The news that moves markets in 2024?
By Paul Reid
31 January 2024
In this article, we will cover Exness opinions alongside reporting from Barron’s, which is a commercial partner of Exness.
News can move the markets, but can smaller events make big ripples? While a drone attack in Jordan may seem far removed from the world of stocks and bonds, such political acts can cause the speculators to, well, speculate. And they tend to look at the most extreme scenarios first.
For us, it’s like adding pieces to a puzzle where the picture’s constantly changing. But do we even need to see the big picture? Or is every breaking news report a breadcrumb revealing a general direction for traders?
An explosion denotes conflict; conflict can escalate quickly, and escalation leads to trade and supply disruptions — suddenly, consumer sentiment shifts to uncertainty and fear.
That’s not some theory without data to support the hypothesis. That is our unpredictable world and lives unfolding daily. Cause and effect real-world influences that can start small and ripple outwards.
So what’s a trader to do?
If you’re lucky enough to have a job that will let you listen to financial news, try having it running in the background. Yes, all day, every day. You don’t need to be glued to it. Just have Bloomberg TV or whichever channel you prefer running nonstop.
When breaking news has consequences, the media dedicates a few extra minutes to the story and revisits it often. Immediately ask yourself which market might be affected by that on-screen news event. Does the item generally have a negative or positive spin?
Conflict affects supply and demand. And whichever conflict news channels deem important will start pulling on market prices sooner or later.
At this point, head over to the Exness demo account and open the chart of an asset likely to be affected. Open a risk-free virtual trade based on the news report. Then, it’s time to sit back, relax — with the news channel in the background — and see what happens next.
Are you wondering what kind of event you’re supposed to be looking out for? It doesn ’t have to be a huge story. You’ll know when you see it, lingering on every channel and its headlines. Shortly after, a panel might gather to discuss the story, or guest speakers of influence might drop in to bolster the importance of what must be said. It happens all the time.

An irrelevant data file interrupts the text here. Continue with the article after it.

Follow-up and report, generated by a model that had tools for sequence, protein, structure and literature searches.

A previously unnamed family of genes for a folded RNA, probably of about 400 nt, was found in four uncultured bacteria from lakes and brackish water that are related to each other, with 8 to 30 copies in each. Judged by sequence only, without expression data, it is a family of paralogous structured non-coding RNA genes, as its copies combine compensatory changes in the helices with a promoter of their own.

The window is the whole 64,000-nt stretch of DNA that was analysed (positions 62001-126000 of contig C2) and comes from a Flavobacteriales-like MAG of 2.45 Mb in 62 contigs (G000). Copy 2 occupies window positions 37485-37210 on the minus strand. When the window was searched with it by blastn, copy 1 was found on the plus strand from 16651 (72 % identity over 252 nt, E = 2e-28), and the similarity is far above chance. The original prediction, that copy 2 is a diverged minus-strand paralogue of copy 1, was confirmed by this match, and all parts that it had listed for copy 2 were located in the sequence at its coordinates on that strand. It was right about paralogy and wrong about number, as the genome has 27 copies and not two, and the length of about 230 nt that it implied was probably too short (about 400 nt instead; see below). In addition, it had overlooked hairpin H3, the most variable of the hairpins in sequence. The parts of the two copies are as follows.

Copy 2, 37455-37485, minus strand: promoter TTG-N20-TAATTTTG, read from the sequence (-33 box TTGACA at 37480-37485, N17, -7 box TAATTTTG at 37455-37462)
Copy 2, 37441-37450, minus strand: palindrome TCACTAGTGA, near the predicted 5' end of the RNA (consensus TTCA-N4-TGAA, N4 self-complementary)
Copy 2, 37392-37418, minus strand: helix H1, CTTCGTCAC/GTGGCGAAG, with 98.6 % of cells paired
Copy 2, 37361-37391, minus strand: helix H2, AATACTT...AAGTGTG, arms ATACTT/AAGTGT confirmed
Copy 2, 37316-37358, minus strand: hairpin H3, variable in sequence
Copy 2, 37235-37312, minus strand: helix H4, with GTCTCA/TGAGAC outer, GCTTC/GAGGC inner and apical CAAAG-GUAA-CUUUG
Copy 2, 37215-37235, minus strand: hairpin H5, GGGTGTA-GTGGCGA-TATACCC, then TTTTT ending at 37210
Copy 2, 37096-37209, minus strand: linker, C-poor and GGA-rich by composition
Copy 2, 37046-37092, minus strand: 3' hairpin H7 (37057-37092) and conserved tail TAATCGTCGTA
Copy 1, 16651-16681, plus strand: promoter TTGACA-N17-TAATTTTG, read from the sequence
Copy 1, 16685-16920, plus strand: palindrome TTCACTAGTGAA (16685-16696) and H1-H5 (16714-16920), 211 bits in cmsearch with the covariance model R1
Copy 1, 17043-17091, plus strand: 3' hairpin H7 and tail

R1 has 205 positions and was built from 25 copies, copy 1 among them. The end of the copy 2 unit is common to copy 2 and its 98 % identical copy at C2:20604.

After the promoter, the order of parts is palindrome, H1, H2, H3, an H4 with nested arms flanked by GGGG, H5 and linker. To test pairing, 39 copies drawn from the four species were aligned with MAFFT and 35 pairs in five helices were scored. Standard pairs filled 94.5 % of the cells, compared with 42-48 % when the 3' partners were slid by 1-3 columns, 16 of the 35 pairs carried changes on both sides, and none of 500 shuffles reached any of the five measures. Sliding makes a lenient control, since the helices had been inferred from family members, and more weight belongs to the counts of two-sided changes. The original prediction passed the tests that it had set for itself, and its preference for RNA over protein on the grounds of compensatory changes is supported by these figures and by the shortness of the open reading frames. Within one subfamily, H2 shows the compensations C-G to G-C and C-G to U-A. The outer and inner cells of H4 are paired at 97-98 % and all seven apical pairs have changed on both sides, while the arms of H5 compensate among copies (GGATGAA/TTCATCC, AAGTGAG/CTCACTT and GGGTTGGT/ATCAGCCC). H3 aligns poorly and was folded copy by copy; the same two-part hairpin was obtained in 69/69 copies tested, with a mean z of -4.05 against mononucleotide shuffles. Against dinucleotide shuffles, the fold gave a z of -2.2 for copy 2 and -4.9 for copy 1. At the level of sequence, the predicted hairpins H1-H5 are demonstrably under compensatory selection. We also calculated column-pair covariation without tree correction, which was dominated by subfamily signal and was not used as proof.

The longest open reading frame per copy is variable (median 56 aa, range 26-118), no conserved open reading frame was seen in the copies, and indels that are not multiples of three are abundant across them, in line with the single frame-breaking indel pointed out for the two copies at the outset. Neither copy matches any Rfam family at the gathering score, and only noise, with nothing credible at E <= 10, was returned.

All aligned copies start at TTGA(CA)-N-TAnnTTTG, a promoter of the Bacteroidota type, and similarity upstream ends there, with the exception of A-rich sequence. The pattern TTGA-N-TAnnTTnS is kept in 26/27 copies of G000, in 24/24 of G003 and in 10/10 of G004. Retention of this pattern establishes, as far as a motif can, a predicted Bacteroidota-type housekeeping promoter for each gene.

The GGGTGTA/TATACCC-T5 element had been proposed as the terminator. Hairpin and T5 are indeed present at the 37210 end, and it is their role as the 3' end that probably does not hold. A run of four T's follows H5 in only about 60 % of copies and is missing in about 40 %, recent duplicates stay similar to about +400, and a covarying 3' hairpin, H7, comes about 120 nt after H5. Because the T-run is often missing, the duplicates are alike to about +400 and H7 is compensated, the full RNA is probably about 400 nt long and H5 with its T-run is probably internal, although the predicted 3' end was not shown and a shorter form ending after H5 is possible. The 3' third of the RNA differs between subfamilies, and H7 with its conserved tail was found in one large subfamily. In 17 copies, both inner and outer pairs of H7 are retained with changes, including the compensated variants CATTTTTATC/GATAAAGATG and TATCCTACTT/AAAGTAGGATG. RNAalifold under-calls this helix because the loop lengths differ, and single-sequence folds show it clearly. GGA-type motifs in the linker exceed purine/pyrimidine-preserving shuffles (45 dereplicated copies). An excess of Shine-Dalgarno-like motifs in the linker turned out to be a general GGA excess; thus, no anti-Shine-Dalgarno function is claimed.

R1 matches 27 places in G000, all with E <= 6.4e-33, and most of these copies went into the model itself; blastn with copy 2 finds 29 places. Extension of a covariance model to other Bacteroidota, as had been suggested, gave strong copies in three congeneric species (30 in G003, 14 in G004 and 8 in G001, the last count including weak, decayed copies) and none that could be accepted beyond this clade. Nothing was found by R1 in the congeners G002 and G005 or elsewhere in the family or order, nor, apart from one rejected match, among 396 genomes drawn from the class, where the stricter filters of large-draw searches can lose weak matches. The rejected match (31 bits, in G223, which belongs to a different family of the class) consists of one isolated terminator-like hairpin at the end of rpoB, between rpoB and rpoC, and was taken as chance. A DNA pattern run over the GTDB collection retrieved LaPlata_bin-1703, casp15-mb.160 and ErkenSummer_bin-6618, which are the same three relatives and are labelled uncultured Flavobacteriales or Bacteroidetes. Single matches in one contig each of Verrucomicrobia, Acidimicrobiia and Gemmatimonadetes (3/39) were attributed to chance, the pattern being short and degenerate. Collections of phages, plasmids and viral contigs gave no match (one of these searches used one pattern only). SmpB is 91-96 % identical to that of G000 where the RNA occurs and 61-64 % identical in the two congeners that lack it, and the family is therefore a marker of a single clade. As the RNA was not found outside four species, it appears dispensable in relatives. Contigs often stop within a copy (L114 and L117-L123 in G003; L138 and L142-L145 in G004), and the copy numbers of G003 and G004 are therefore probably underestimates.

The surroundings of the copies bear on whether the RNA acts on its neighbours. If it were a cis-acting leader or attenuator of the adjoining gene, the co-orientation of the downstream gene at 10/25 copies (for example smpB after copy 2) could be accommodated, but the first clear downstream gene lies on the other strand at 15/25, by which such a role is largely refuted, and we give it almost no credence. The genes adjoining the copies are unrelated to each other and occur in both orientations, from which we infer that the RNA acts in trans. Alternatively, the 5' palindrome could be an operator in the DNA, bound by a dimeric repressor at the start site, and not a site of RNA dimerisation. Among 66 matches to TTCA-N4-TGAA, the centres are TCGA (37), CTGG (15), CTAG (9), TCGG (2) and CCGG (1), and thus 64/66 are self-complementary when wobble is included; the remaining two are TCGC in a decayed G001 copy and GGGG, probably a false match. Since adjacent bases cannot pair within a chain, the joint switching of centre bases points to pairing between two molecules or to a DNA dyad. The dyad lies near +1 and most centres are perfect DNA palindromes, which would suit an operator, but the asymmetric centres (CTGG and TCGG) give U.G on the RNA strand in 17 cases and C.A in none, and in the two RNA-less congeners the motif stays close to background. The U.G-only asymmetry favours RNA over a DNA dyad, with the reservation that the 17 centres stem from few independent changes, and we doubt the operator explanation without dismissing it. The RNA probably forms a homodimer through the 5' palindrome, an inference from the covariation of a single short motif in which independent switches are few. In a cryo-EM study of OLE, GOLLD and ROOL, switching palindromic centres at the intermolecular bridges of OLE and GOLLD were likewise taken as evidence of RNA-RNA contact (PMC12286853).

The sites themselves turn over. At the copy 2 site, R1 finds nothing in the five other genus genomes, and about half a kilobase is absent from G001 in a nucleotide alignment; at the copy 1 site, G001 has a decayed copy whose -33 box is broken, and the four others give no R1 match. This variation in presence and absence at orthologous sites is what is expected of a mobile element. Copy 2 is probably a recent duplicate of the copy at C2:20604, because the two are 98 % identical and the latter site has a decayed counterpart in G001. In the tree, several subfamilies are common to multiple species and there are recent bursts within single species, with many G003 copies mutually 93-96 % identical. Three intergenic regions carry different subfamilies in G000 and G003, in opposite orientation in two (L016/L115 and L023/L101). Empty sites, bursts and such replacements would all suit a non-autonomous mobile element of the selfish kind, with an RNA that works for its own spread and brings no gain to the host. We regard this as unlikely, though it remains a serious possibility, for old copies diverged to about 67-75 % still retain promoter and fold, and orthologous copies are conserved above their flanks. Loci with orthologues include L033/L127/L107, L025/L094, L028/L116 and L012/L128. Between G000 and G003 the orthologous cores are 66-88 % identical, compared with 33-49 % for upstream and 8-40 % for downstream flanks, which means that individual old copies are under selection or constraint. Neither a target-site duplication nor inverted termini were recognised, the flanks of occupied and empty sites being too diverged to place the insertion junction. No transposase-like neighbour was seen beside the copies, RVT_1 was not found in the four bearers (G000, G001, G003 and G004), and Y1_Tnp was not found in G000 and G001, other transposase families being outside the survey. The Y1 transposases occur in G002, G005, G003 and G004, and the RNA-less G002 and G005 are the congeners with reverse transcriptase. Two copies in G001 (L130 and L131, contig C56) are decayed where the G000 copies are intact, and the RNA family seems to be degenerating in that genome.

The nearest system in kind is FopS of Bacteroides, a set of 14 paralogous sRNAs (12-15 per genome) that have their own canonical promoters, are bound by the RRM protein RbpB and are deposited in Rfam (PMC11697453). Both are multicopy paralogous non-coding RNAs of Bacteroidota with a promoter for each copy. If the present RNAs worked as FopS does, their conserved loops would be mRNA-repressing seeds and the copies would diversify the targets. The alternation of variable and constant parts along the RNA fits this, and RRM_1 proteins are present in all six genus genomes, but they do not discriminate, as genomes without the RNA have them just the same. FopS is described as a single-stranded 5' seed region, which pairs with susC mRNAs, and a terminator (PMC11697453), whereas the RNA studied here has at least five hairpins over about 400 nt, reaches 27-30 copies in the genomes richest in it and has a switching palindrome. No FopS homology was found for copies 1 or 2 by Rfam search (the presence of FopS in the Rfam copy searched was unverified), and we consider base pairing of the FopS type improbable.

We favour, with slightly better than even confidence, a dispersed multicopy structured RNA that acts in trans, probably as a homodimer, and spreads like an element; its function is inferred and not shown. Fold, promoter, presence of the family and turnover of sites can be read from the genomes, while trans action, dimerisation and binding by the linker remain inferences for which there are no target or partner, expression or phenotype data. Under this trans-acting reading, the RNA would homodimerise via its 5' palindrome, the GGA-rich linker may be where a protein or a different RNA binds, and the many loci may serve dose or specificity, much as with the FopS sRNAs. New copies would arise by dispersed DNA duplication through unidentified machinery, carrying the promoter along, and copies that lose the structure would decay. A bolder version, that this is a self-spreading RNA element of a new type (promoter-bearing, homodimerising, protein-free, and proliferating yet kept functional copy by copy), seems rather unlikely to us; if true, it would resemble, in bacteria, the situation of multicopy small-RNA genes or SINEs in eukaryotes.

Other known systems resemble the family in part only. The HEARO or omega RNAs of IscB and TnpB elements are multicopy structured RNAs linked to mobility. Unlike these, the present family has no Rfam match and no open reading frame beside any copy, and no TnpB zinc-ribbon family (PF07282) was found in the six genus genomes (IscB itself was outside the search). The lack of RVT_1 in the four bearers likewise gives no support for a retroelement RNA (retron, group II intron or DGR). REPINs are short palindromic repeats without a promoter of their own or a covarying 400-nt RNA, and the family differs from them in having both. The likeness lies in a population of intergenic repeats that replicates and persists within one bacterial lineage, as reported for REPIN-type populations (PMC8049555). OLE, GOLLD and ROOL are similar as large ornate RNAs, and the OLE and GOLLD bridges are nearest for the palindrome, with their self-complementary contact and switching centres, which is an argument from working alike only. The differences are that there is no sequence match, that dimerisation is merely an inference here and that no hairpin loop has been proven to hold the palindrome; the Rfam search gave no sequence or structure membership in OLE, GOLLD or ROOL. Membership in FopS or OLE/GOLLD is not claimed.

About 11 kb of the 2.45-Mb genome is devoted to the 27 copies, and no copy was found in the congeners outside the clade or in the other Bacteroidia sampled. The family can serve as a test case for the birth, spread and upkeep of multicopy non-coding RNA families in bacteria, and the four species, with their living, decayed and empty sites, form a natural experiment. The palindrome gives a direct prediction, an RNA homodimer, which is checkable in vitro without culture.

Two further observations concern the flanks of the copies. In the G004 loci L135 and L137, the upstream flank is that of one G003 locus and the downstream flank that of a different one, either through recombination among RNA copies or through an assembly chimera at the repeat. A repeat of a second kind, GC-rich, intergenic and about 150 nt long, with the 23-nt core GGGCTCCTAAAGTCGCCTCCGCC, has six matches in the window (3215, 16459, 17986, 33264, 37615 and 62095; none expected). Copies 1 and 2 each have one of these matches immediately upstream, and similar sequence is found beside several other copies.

A lot’s happening right now, and just like a butterfly’s beating wings in one corner of the world can supposedly set off a tornado in another, there is a cumulative effect of those newsworthy events on the markets. Check out Barron’s article below for an example. Since news of that drone attack first went around the globe, the price of USOIL has jumped 5.82% to $77.40 (USD).
Jordan Drone Attack Impacts Oil Price. Iran’s Involvement Is the Worry.
BY BRIAN SWINT | UPDATED JAN 29, 2024 06:54 AM EST
Oil prices were swinging between gains and losses early Monday after surging over the weekend amid an attack on a base in Jordan that killed three U.S. servicemen.
It’s the first time U.S. troops have been killed in this latest Middle East conflict. The U.S. said the drone strike came from an Iran-backed militia and that it would retaliate.
Since the start of the present hostilities on Oct. 7 when Hamas attacked Israel, the concern from an investment perspective is that the war could widen and jeopardize oil supplies in the region, home to some of the world’s largest producers.
Iran denied any involvement in the strike in Jordan.
Separately, Houthi rebels based in Yemen continue to attack shipping vessels in the Red Sea. The U.S. and its allies have attacked targets of those militants to try to secure global trade.
Strategists at Goldman Sachs estimate that oil flows through the Bab El Mandeb Strait at the southern end of the Red Sea have seen a drop of some 1.2 million barrels a day since the shipping attacks started in December.
The route is important for other goods as well. Roughly 20% of the clothes and shoes imported into the U.S. use the Suez Canal, according to Steve Lamar, CEO of the American Apparel & Footwear Association, cited by MarketWatch. In Europe: 40% of clothes and 50% of shoes come through the Red Sea route.
West Texas Intermediate, the U.S. benchmark, rose 0.1% to $78.06 a barrel. Brent crude, the international standard, added 0.1%, to $83.60. Both contracts gained about 6% last week.
Oil stocks were mixed in premarket trading. Exxon Mobil was unchanged. Chevron fell 0.3%. American depositary receipts of Shell and BP rose 0.3% and 0.6%, respectively.
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This is not investment advice. Past performance is not an indication of future results. Your capital is at risk, please trade responsibly.
Paul Reid is a financial journalist dedicated to uncovering hidden fundamental connections that can give traders an advantage. Focusing primarily on the stock market, Paul's instincts for identifying major company shifts is well established from following the financial markets for over a decade.